# Huntington-Hill Method Method of Equal Proportions Joseph A. Hill, Chief statistician, Bureau of the Census Edward V. Huntington, Professor of Mathematics,

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Huntington-Hill Method Method of Equal Proportions Joseph A. Hill, Chief statistician, Bureau of the Census Edward V. Huntington, Professor of Mathematics, Harvard

Some History Developed around 1911 Endorsed by a National Academy of Sciences Panel in 1929 Signed into law as our apportionment method in 1941 when the House size was set at 435.

Two Questions to Answer Why was the Huntington-Hill method chosen as our apportionment method? How does it work? We will answer the second question first. (To make our life easier, we will abbreviate the method as HH!)

Divisor methods and Means The HH method is a divisor method. The difference between it and other divisor methods is how the quotient for each state is rounded. To understand this rounding method, we take a side trip and talk about three different types of means and how they are used to round in 3 different divisor methods.

Arithmetic Mean The arithmetic mean(AM) of two numbers is their usual ‘average’: AM(12,13) = (12 + 13)/2 = 12.5 Webster’s method uses this number as the cutoff for rounding (round down if the quotient is less than this number.)

Geometric Mean The geometric mean(GM) of two numbers is the square root of their product: GM(12,13) = √(12∙13) = 12.49 Huntington-Hill uses this number as the cutoff for rounding (rounding down if the quotient is less than this number.)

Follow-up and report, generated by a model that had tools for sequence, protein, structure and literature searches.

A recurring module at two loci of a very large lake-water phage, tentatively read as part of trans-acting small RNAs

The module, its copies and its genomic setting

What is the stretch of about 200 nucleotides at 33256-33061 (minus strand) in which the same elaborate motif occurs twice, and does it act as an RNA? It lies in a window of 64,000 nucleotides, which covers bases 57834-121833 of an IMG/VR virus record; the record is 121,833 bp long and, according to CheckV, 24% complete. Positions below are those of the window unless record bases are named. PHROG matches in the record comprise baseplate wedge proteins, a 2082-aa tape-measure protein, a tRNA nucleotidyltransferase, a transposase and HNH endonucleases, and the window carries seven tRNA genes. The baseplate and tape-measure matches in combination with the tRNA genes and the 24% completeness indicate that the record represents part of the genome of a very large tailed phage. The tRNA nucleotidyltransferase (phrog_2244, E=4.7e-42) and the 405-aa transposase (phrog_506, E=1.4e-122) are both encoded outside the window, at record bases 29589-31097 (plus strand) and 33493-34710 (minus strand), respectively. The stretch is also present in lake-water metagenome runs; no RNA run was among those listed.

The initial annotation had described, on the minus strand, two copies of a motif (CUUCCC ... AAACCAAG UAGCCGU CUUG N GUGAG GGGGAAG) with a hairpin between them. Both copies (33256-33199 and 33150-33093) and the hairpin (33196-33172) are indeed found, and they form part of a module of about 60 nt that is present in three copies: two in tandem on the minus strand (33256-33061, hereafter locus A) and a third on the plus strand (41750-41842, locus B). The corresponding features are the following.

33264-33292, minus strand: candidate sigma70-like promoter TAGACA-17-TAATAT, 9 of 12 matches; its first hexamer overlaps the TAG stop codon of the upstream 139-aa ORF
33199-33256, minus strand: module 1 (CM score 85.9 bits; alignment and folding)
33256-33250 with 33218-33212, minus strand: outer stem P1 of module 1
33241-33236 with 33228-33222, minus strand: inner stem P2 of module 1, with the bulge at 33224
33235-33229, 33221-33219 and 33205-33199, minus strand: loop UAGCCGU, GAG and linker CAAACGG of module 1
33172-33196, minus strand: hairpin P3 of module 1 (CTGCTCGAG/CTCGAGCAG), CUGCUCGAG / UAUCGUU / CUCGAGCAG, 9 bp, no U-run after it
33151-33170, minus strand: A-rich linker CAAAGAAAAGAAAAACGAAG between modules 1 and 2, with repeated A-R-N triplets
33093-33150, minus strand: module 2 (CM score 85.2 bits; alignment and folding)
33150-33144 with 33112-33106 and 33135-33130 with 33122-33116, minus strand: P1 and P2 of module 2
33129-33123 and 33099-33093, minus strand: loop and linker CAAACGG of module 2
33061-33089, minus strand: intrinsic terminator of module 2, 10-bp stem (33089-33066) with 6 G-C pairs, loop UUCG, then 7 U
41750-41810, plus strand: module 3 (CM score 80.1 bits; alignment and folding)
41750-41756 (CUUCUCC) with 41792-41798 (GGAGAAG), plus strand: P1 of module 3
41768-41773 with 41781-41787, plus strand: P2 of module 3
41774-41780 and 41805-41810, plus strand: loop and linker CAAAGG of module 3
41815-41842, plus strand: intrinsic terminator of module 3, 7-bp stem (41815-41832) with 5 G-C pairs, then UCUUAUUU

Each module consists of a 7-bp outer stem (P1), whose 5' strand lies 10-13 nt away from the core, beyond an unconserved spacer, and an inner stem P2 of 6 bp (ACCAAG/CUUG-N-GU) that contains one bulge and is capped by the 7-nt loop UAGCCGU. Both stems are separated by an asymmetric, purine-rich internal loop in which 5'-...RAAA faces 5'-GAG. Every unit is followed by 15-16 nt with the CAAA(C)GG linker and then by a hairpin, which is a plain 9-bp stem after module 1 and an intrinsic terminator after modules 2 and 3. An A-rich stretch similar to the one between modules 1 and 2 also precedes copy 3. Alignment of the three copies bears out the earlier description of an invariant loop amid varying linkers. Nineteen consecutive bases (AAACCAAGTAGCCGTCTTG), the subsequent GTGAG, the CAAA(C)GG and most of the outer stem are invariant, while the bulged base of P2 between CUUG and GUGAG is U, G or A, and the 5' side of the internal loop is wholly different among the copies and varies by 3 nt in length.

Harmonic Mean The harmonic mean(HM) of two numbers is twice the product of the two numbers divided by their sum: HM(12, 13) = 2∙12∙13/(12 + 13) = 12.48 Dean’s Method uses this number as the cutoff for rounding (rounding down if the quotient is less than this number.)

How do the means compare? Take four number pairs (4 and 5, 6 and 7, 8 and 9, 10 and 11) and calculate each of the three means for that pair. Then compare the sizes of the means and write down your results (GM { "@context": "http://schema.org", "@type": "ImageObject", "contentUrl": "http://images.slideplayer.com/13/4173309/slides/slide_8.jpg", "name": "How do the means compare.", "description": "Take four number pairs (4 and 5, 6 and 7, 8 and 9, 10 and 11) and calculate each of the three means for that pair. Then compare the sizes of the means and write down your results (GM

An example Do HH and Dean for a divisor of 270 SchoolPopulation East1500 West1000 North9000 South6000 Central200

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